I tell my 4-year-old to take his pajamas off and put them in his hamper.  His clothes are laid out for him on the living room chair.  He is pretty good about getting himself dressed, with a few reminders along the way.  I clean up lunch, then put my 2-year-old on the potty.  She tells me she doesn't have to go.  She tells me to leave.  I go stand in the hallway and wait.  She does actually go to the bathroom.  (Small victory.  I consider this a first down on 3rd and inches.)  I try to keep the momentum going and move her right into getting dressed in her bedroom.  I have her clothes -- including socks and barrette -- laid out and ready to go.  

Second big defensive stance.  My daughter throws a huge fit because she doesn't like the clothes I've picked out.  So this is where it age 2.  Heaven help me when we hit age 12.  I figure this is not a battle worth fighting, so I let her take charge and pick out what she would like to wear, which includes NOT wearing a barrette.  So, clothes are mismatched, hair is in her face, but we are making forward progress toward the goal.  This is good.  I am trying to help her get her socks on, but am somewhat distracted by the blur I see run by her door.  

Hmm...was that what I think it was?  A naked pair of 4-year-old buns whizzing by on their way to the bathroom?  Do I need instant replay?  The audio that followed confirmed the call on the field.  "Mom, I have to go po-o-o-o-o-o-op!!"  This, apparently, was ground breaking news that needed to be yelled from the rooftops, while not wearing a stitch of clothing.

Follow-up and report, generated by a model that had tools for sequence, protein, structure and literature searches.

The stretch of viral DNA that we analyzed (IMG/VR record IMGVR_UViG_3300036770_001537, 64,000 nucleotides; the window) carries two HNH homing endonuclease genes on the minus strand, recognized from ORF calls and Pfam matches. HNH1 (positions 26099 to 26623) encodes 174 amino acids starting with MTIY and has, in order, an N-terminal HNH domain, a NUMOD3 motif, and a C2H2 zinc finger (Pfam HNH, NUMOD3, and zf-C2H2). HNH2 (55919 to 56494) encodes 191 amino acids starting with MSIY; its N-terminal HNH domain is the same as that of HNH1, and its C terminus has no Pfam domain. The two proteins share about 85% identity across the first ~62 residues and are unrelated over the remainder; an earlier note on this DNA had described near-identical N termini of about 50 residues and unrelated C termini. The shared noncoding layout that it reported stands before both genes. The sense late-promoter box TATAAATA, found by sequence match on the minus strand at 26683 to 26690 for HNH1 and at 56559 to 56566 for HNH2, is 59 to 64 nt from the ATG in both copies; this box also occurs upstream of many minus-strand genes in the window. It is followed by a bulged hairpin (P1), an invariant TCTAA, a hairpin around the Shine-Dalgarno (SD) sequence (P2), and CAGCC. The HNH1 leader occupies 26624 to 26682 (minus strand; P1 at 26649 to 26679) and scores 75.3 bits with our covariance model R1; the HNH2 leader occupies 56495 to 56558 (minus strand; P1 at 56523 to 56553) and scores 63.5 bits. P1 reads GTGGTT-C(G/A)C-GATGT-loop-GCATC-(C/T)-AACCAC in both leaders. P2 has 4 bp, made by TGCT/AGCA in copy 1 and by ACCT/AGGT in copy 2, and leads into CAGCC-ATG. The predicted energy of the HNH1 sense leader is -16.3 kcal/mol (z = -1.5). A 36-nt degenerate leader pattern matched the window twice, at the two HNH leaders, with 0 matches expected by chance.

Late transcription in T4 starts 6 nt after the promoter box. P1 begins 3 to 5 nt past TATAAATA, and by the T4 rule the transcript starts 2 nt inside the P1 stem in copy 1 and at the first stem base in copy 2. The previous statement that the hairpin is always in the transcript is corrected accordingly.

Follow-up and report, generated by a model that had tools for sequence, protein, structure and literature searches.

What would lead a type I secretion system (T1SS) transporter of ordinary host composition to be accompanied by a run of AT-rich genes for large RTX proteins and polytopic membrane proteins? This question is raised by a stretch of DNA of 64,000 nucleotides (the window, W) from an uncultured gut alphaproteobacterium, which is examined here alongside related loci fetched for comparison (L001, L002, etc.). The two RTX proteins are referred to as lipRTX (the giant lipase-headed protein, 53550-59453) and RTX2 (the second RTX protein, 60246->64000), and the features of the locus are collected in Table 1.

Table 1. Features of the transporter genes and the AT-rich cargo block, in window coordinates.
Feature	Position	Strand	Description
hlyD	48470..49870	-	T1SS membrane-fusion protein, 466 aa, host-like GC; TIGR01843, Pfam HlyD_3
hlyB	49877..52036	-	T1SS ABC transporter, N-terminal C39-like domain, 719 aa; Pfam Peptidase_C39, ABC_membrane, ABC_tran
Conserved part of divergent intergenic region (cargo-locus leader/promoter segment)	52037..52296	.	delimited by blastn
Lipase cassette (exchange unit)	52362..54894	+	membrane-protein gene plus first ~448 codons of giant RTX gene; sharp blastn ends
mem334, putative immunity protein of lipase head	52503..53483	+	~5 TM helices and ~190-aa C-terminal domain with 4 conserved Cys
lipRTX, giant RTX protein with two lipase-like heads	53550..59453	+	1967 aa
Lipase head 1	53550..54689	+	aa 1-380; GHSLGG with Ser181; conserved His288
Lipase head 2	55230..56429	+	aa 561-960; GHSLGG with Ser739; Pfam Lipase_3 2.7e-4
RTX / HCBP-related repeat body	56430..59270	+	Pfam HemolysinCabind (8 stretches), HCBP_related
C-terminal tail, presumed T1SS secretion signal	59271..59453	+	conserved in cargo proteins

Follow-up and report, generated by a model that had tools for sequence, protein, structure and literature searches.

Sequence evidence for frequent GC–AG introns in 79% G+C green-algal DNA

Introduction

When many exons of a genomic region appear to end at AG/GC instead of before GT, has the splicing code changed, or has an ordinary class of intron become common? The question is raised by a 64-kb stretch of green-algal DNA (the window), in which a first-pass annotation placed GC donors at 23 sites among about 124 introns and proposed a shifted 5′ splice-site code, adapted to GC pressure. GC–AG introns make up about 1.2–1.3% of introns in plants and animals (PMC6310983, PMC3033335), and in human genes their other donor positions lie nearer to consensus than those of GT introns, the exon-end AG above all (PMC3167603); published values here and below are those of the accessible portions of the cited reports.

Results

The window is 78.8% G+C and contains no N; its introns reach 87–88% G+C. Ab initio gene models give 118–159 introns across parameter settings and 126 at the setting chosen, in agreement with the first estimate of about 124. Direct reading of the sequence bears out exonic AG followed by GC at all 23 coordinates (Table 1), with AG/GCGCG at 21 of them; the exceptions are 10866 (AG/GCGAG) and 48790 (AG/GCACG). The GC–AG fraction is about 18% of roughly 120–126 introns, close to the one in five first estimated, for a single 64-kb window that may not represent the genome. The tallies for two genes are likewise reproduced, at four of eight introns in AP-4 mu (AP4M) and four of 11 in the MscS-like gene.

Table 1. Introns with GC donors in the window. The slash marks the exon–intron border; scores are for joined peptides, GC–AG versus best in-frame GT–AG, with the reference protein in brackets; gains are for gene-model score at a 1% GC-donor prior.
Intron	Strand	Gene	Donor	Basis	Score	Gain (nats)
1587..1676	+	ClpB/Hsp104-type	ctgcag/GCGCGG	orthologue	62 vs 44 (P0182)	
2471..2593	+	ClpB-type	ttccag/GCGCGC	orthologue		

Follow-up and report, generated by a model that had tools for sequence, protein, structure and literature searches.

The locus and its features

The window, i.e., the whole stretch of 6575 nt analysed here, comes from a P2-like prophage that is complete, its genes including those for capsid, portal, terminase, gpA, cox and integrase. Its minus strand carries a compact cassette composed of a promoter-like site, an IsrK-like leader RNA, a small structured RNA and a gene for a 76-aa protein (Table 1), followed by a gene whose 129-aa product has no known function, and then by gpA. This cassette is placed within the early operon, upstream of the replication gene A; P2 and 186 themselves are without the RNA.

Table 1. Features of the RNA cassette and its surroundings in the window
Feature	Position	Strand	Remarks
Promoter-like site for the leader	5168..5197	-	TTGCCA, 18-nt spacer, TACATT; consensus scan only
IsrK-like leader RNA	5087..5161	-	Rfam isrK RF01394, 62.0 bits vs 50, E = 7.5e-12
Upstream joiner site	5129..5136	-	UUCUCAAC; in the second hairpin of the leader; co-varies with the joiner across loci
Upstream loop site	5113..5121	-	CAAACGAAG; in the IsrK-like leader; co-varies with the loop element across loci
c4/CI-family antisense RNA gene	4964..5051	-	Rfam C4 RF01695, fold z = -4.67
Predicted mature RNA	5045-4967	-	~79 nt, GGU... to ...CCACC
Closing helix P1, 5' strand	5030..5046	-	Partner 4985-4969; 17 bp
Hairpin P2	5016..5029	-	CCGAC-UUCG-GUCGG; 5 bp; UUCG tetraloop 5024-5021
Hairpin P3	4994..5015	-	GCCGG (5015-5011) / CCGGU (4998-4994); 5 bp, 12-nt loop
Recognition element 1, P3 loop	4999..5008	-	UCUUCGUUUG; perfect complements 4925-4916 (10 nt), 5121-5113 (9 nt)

Quick in-game son was actually less ready than he had been when I told him to put his pajamas in the hamper 13 minutes earlier, and what I thought would be a quick process of getting my daughter dressed had actually doubled in time and produced drama and a crankypants as byproducts.  

Stay positive.  Stay the course.  Stay calm.  You can still do this.  Come from behind victories happen all the time.  Sometimes even the Lions pull one off.

Speaking of walking into the Lions' Den...

Half Time